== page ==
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AC86U: boot the prior "bootfs_update" mtd as is?

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bibikalka

Regular Contributor
A slightly esoteric question. As far as I understand, my AC86 has 2 sets of system partitions, one active, the other contains the prior firmware, and will get the next one (_update partitions below).
Code:
admin@RT-AC86U-9988:/# cat /proc/mtd
dev:    size   erasesize  name
mtd0: 05aa0000 00020000 "rootfs"
mtd1: 05a80000 00020000 "rootfs_update"
mtd2: 00800000 00020000 "data"
mtd3: 00100000 00020000 "nvram"
mtd4: 05f00000 00020000 "image_update"
mtd5: 05f00000 00020000 "image"
mtd6: 00460000 00020000 "bootfs"
mtd7: 00480000 00020000 "bootfs_update"
mtd8: 00100000 00020000 "misc3"
mtd9: 02f00000 00020000 "misc2"
mtd10: 00800000 00020000 "misc1"
mtd11: 0557e000 0001f000 "rootfs_ubifs"

After an update, rootfs and rootfs_update will swap, so the prior version will remain in the inactive set. Here is the relevant log with an update in between, where the partitions got swapped judging by the addresses:
Code:
Jun  4 12:45:00 kernel: 0x000006460000-0x00000bf00000 : "rootfs"
Jun  4 12:45:00 kernel: 0x000000580000-0x000006000000 : "rootfs_update"
Jun  4 12:45:00 kernel: ubi0: attached mtd0 (name "rootfs", size 90 MiB)
Jun  4 12:45:00 kernel: UBIFS (ubi0:0): UBIFS: mounted UBI device 0, volume 0, name "rootfs_ubifs", R/O mode
Jun  4 18:00:04 kernel: >>>>> For primary mtd partition rootfs, cferam/vmlinux.lz mounted as JFFS2, vmlinux fs mounted as UBIFS <<<<<
Jun  4 18:00:04 kernel: Secondary mtd partition rootfs_update detected as JFFS2 for cferam/vmlinux source and UBIFS for vmlinux filesystem
Jun  4 18:00:04 kernel: 0x000000580000-0x000006000000 : "rootfs"
Jun  4 18:00:04 kernel: 0x000006460000-0x00000bf00000 : "rootfs_update"
Jun  4 18:00:04 kernel: ubi0: volume 0 ("rootfs_ubifs") re-sized from 592 to 705 LEBs

Question: can I boot the inactive set of partitions by some simple command? Basically, I want to boot the prior firmware that I had without writing it again. Some variable somewhere tells the router which set of partitions to boot - is it possible to flip that manually without hammering the flash too much? It's doable on Android if it has A/B partition sets, but what about here?
 
... in this device 2 firmware are in the router
- the first old worker
- the second new (update) on which the router can work
If the new one does not load, the router will automatically start the old one.
...

Did you try interrupting the boot process few times? Turn the router on, wait 15-20 sec., turn it off, repeat. Do it 5 times in a row and then let it boot. See what firmware it boots with. Yours is booting somehow and doesn't trigger the image switch. I don't know if it works on this router, but used to work on Linksys routers with dual boot partitions.

Found this in old threads. I guess one can boot the other partitions - but how?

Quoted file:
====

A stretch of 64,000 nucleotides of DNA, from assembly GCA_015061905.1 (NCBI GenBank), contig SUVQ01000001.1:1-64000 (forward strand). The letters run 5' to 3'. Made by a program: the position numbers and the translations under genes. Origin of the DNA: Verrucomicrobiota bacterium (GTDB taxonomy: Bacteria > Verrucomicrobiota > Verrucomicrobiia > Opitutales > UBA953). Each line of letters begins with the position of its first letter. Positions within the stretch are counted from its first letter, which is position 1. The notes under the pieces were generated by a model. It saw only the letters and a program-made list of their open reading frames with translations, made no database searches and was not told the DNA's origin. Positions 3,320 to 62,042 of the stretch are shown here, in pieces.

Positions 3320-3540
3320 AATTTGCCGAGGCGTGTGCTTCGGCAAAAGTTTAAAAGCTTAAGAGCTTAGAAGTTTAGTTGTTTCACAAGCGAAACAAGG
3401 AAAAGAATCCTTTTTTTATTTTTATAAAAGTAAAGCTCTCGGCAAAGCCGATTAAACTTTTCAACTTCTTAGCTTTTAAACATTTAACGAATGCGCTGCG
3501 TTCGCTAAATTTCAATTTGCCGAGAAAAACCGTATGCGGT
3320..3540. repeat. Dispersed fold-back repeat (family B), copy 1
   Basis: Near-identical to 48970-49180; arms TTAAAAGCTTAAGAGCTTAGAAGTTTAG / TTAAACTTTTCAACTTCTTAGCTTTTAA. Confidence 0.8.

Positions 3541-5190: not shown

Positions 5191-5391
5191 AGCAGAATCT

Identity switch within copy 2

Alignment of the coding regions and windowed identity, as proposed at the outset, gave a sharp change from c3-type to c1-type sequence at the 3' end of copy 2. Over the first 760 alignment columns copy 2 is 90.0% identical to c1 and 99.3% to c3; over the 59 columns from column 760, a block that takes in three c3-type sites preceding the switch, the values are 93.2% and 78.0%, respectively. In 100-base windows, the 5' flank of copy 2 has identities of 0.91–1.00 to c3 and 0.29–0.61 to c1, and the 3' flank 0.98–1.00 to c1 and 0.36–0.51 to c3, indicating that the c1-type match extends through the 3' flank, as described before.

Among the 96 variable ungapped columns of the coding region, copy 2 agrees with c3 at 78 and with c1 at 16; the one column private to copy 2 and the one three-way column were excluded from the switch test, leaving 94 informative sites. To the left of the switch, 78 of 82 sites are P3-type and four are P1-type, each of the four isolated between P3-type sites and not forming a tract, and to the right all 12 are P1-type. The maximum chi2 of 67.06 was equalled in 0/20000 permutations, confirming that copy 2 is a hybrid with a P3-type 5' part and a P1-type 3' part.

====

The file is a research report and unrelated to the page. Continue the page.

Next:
@RMerlin - any guidance on this? I guess one can try to flash a properly formatted by empty update file, so it'd do nothing, and then switch partition sets. Or, just use the same code that does the upgrade, but skip writing to flash part, and just do the final bits which is the partition swap and reboot.
 
Last edited:
I don't know, I never looked at it. You would have to dive into the code, provided the relevant code is open sourced.
 
I don't know, I never looked at it. You would have to dive into the code, provided the relevant code is open sourced.
OK!

I am now thinking that emptying an update file so that it writes nothing, but makes the system think that an update has happened and switches the partitions, might be the least intrusive. Do you think an empty RT-AC86U_386.00_0_ubi.w could work?

What would be the quickest way to empty the update file?
 
I am now thinking that emptying an update file so that it writes nothing, but makes the system think that an update has happened and switches the partitions, might be the least intrusive. Do you think an empty RT-AC86U_386.00_0_ubi.w could work?
That won't work. For obvious reasons, the update process validates the integrity of the file before writing it to flash.
 
That won't work. For obvious reasons, the update process validates the integrity of the file before writing it to flash.
What I meant is that when an update file is created such as when a new firmware version is packaged, one could potentially create a blank update file that will not write anything, but will trigger the partition swap.

But all I actually needed was to pull the old dnsmasq 2.89 from RT-AC86U_386.12_4, which was sitting in my rootfs_update as I flashed it before to test. So I managed to simply mount rootfs_update like this, and copy the old version:

Code:
admin@RT-AC86U-9988:/# mkdir /tmp/mnt/old
admin@RT-AC86U-9988:/# ubiattach /dev/ubi_ctrl -m 1 -O 2048
UBI device number 1, total 724 LEBs (91930624 bytes, 87.7 MiB), available 0 LEBs (0 bytes), LEB size 126976 bytes (124.0 KiB)
admin@RT-AC86U-9988:/# /bin/mount -t ubifs ubi1_0 /tmp/mnt/old/
admin@RT-AC86U-9988:/# mkdir /jffs/scripts/289
admin@RT-AC86U-9988:/# cp -pr /tmp/mnt/old/usr/sbin/dnsmasq /jffs/scripts/289
admin@RT-AC86U-9988:/# umount /tmp/mnt/old/
 

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